TM: All that stuff.
JM: All that stuff. But that is something you realize when you finish the novel—it’s not something that you have in your mind previously.
TM: I see. So you’re speaking of those paragraphs for which you realize, in the end, “All along I was moving toward this …”
JM: In a way, yes. But it’s not a premeditated thing to do. That would be … vile, I suppose. But sometimes you say [later], well, yeah, the justification for this whole thing is these two pages.
TM: You you spoke of plot and character and “all that stuff” … and I wanted to talk about one of those things, one of those novelistic things that keeps readers reading, which is the degree—especially in your novels—the degree of suspense generated. Often when I’m reading you, even before I know what the question is, I feel myself waiting to get to the answer. I remember reading The Infatuations, the moment when Maria is going to the door to eavesdrop, and I was reading as though I were in a movie theater, covering my eyes. You know, “Don’t go to that door!” I’m wondering how cognizant you are of the pulse of suspense as you’re writing—whether this is something that just comes very naturally to you, or whether it’s an epiphenomenon of your style, or whether you actually do a lot of editing and revising—of scheming.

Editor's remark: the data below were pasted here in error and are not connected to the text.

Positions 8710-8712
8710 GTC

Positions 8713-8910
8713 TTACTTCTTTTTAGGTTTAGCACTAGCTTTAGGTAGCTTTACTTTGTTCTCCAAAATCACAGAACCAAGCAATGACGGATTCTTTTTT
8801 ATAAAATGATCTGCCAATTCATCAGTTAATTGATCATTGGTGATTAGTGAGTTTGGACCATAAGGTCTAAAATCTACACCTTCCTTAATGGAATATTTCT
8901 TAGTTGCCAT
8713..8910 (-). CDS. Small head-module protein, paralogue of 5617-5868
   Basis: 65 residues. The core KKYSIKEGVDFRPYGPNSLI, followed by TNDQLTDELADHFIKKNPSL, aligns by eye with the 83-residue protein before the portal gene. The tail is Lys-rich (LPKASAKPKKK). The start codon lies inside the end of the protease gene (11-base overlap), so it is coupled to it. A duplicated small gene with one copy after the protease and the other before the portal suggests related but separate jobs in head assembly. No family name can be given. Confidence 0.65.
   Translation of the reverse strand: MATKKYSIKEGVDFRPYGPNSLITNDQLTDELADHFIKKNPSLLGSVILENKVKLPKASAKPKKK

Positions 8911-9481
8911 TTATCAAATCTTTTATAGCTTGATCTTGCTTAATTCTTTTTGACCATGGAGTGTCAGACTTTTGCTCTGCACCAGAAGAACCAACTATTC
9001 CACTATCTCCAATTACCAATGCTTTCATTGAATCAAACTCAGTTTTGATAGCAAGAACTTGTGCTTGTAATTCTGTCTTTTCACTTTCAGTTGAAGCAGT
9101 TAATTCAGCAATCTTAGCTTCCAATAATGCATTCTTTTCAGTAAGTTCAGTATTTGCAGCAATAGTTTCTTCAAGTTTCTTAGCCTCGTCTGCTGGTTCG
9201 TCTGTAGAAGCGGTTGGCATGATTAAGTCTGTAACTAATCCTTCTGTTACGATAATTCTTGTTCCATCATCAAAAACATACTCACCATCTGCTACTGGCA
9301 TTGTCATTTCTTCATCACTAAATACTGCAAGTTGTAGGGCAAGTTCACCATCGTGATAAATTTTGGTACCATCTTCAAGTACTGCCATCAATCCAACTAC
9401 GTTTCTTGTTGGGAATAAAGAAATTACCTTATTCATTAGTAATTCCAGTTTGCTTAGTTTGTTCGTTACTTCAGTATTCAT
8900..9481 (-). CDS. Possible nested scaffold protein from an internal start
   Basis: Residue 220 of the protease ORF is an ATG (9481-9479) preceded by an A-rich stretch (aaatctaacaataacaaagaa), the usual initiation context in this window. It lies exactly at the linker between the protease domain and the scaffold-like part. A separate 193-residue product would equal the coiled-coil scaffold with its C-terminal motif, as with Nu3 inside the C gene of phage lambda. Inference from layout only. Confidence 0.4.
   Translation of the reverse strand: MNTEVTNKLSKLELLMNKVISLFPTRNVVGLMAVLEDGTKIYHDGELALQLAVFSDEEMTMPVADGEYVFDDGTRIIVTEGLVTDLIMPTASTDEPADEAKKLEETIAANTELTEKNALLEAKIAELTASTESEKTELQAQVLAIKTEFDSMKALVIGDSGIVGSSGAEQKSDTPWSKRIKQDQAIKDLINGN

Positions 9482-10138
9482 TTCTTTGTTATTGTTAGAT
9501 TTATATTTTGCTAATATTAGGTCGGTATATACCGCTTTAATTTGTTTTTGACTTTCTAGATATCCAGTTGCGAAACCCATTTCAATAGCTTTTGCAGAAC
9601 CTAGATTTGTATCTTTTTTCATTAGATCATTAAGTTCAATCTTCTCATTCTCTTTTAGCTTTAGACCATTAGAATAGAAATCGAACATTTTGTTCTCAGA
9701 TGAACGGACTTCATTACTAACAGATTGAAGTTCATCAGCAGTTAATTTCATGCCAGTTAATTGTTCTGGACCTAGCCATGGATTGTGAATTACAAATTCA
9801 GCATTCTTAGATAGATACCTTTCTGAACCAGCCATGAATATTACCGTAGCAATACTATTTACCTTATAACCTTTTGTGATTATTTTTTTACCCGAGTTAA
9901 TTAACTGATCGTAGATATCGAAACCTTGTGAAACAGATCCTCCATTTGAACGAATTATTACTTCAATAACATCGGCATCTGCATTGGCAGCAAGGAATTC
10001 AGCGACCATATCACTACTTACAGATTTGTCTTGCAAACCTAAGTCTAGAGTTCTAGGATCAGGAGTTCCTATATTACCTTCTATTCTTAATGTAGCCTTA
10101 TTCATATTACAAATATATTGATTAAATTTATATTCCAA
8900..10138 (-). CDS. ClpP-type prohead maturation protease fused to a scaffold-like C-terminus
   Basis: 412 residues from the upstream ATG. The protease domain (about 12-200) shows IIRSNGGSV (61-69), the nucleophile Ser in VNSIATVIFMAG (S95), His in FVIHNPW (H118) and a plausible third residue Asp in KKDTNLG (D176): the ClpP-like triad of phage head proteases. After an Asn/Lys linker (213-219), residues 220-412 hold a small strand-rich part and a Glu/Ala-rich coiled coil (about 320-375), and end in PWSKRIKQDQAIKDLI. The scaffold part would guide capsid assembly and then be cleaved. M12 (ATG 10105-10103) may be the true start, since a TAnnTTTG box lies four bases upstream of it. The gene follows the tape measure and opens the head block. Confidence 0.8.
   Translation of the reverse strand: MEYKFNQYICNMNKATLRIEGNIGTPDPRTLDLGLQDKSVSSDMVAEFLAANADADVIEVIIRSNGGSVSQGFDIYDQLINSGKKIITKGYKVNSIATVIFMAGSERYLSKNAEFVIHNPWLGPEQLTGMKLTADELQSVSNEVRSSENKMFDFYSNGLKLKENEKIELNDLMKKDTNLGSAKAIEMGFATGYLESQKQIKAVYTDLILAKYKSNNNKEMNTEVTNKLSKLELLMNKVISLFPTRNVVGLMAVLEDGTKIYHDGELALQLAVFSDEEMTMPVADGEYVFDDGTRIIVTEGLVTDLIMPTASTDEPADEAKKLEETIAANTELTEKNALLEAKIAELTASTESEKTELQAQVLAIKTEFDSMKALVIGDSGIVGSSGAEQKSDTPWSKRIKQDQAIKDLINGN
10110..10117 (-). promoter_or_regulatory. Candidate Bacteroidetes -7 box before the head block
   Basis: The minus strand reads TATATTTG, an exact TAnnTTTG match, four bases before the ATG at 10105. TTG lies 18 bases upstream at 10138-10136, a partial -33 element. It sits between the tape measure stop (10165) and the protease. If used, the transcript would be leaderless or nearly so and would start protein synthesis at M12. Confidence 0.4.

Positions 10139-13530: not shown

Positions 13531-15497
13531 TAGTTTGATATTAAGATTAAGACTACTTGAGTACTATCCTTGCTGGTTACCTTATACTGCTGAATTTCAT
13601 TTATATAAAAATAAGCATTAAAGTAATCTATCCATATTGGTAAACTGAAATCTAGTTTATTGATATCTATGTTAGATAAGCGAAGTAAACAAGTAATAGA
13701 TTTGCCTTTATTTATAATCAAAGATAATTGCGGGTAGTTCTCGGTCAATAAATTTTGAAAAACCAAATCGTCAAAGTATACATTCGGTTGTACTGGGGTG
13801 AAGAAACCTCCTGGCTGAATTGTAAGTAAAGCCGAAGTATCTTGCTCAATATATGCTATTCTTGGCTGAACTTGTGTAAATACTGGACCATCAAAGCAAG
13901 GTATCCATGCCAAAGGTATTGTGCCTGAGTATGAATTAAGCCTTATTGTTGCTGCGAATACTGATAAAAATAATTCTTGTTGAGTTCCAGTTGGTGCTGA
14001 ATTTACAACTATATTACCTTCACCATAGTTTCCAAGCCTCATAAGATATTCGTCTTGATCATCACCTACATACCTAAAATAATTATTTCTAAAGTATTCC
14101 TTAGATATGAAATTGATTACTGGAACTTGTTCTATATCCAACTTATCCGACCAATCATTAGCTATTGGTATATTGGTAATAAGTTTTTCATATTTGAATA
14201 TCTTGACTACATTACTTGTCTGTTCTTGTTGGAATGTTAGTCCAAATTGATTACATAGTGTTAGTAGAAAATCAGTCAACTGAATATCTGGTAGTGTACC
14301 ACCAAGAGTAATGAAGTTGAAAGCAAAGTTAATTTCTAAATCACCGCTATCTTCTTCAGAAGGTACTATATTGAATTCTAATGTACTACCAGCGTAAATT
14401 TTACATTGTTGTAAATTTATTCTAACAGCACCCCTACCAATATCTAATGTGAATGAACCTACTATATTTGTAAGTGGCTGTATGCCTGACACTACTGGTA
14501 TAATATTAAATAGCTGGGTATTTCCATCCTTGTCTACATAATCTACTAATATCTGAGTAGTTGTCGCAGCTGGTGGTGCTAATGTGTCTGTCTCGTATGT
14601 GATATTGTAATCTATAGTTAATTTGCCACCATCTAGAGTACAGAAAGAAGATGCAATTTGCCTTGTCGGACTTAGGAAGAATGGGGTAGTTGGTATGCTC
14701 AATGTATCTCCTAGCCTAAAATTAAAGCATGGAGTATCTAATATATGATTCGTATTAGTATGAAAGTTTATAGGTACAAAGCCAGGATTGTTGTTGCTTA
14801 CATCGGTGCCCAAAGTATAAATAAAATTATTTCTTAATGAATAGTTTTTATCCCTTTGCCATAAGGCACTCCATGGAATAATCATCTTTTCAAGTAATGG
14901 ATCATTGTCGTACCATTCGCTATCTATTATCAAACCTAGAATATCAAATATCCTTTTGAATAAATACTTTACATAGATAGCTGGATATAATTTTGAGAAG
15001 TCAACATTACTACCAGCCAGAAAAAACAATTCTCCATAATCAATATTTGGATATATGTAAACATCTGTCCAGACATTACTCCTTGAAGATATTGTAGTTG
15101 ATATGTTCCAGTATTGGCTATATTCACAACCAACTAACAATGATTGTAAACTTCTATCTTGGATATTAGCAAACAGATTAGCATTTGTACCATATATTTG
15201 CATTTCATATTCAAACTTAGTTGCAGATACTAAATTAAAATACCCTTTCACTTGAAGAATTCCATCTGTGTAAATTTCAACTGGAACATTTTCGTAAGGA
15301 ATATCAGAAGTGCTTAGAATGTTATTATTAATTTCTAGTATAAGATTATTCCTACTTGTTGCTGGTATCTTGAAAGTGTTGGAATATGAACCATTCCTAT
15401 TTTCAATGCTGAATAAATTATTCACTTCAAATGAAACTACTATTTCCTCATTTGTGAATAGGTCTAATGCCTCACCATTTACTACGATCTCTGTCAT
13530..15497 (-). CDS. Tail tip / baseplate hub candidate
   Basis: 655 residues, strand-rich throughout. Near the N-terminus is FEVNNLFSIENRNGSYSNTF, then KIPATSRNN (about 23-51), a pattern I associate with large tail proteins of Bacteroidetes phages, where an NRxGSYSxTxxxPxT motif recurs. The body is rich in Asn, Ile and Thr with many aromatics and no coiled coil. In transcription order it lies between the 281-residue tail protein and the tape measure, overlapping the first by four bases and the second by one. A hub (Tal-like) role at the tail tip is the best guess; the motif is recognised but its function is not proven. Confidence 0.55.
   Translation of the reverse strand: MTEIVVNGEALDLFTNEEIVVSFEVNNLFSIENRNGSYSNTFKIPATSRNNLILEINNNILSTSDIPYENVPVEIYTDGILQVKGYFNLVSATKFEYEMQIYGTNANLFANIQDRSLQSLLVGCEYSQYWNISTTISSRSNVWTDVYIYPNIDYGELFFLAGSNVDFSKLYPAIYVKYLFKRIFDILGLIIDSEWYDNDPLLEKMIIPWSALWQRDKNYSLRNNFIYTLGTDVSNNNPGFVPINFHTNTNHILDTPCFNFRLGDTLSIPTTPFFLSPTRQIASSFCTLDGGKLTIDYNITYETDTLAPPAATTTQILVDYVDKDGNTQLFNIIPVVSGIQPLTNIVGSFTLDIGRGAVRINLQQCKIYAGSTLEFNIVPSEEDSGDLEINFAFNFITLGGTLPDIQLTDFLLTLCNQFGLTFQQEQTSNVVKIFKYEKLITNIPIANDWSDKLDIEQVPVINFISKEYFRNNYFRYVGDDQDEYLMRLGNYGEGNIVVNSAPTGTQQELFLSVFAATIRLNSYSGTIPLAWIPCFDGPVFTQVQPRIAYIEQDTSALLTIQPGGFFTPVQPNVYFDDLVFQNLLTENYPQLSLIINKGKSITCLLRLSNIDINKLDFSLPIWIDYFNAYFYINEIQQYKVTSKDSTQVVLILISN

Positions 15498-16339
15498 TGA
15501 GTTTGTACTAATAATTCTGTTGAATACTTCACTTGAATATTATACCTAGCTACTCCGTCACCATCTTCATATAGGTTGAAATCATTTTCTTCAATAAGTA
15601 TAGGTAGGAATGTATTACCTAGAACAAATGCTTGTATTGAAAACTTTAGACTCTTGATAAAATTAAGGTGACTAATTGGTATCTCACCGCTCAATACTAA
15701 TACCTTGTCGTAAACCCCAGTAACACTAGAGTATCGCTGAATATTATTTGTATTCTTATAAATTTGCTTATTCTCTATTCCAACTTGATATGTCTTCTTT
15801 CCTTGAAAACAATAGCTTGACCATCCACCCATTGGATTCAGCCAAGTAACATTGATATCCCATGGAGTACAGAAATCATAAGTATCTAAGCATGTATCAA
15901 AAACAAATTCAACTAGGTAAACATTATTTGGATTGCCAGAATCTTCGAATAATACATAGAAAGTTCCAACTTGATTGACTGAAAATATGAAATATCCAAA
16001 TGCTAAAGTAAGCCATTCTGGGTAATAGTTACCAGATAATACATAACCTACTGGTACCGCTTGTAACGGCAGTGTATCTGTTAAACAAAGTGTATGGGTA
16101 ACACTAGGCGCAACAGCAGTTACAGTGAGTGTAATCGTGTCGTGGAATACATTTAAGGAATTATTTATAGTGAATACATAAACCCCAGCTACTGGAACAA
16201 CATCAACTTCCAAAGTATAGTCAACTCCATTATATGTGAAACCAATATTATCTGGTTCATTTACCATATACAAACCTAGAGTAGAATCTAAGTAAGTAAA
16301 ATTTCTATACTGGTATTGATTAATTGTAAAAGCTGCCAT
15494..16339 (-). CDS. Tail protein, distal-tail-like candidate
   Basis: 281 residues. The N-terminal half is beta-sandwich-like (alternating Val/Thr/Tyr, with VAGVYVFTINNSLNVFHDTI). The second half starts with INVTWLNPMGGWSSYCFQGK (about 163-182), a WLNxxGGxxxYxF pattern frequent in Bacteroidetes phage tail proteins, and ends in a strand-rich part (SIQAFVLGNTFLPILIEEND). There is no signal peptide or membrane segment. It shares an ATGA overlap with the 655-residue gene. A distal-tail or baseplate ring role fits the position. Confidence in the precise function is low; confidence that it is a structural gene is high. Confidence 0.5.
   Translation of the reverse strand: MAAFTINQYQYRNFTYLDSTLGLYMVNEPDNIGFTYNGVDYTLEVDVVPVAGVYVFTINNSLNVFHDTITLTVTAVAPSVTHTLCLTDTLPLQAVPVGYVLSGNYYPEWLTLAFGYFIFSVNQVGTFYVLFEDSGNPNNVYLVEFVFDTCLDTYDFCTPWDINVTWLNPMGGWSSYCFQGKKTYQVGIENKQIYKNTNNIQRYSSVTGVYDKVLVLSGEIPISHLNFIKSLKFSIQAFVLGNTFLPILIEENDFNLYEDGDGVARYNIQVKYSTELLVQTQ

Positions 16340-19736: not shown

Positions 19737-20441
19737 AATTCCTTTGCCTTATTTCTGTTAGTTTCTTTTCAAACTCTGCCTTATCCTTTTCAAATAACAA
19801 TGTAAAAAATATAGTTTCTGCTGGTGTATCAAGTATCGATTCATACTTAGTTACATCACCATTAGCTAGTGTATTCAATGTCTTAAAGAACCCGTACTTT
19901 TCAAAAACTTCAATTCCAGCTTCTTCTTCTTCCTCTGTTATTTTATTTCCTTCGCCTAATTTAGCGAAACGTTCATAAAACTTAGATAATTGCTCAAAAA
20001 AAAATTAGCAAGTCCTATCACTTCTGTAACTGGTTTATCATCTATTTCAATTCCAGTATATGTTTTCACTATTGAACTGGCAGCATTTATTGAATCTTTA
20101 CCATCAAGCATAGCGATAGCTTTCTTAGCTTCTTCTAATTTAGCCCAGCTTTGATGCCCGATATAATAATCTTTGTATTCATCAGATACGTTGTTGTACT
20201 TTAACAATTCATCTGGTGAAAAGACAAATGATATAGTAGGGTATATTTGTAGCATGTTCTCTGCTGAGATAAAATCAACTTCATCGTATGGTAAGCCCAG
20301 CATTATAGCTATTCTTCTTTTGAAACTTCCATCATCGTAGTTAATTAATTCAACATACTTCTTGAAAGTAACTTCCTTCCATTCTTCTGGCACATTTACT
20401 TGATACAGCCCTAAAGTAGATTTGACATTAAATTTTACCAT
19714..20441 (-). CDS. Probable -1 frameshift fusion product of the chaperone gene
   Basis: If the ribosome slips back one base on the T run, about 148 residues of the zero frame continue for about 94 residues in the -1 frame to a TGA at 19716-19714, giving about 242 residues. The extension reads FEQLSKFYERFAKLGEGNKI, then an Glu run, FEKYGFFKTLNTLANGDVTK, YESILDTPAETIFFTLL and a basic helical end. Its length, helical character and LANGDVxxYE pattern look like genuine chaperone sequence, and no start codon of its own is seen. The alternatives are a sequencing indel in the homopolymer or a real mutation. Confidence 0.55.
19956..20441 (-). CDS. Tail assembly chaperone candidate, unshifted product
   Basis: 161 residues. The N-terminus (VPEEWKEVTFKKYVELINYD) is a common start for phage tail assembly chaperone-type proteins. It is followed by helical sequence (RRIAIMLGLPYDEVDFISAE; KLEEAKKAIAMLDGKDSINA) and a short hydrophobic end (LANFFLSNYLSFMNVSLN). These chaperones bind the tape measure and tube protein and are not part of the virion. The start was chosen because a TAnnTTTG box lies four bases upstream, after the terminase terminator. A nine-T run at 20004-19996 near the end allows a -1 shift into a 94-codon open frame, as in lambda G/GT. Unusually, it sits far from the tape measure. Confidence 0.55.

JM: Oh, no, not really. My method for writing is a very suicidal one.
TM: All methods for writing are suicidal ones.
JM: Probably, but you feel more suicidal over the one you chose. Or the one that chose you …
You know, one of the problems with novelists is that we never learn the job. We never learn it! I mean in the sense that other people do. A professor goes to give his lesson after 40 years—as is my case; I published my first novel when I was 19, which was over 40 years ago—and the teacher knows he will give a good lesson, or at least a decent one. And he will do it with ease. And the carpenter who’s been making tables for 40 years or whatever knows he will succeed with the next table. But a novelist doesn’t know that at all!
TM: Do you have a moment where you sit down to write the next book and you think you must have learned something last time?
JM: No, no, you learn you haven’t learned anything! And even if some of the previous books have been praised, and people have enjoyed them and all that, not even that is reassuring, in my case, because it’s “Oh, well, yeah, I was lucky with that one.” Or “People were misled!” Or something. But that doesn’t guarantee anything for this one that I’m starting now.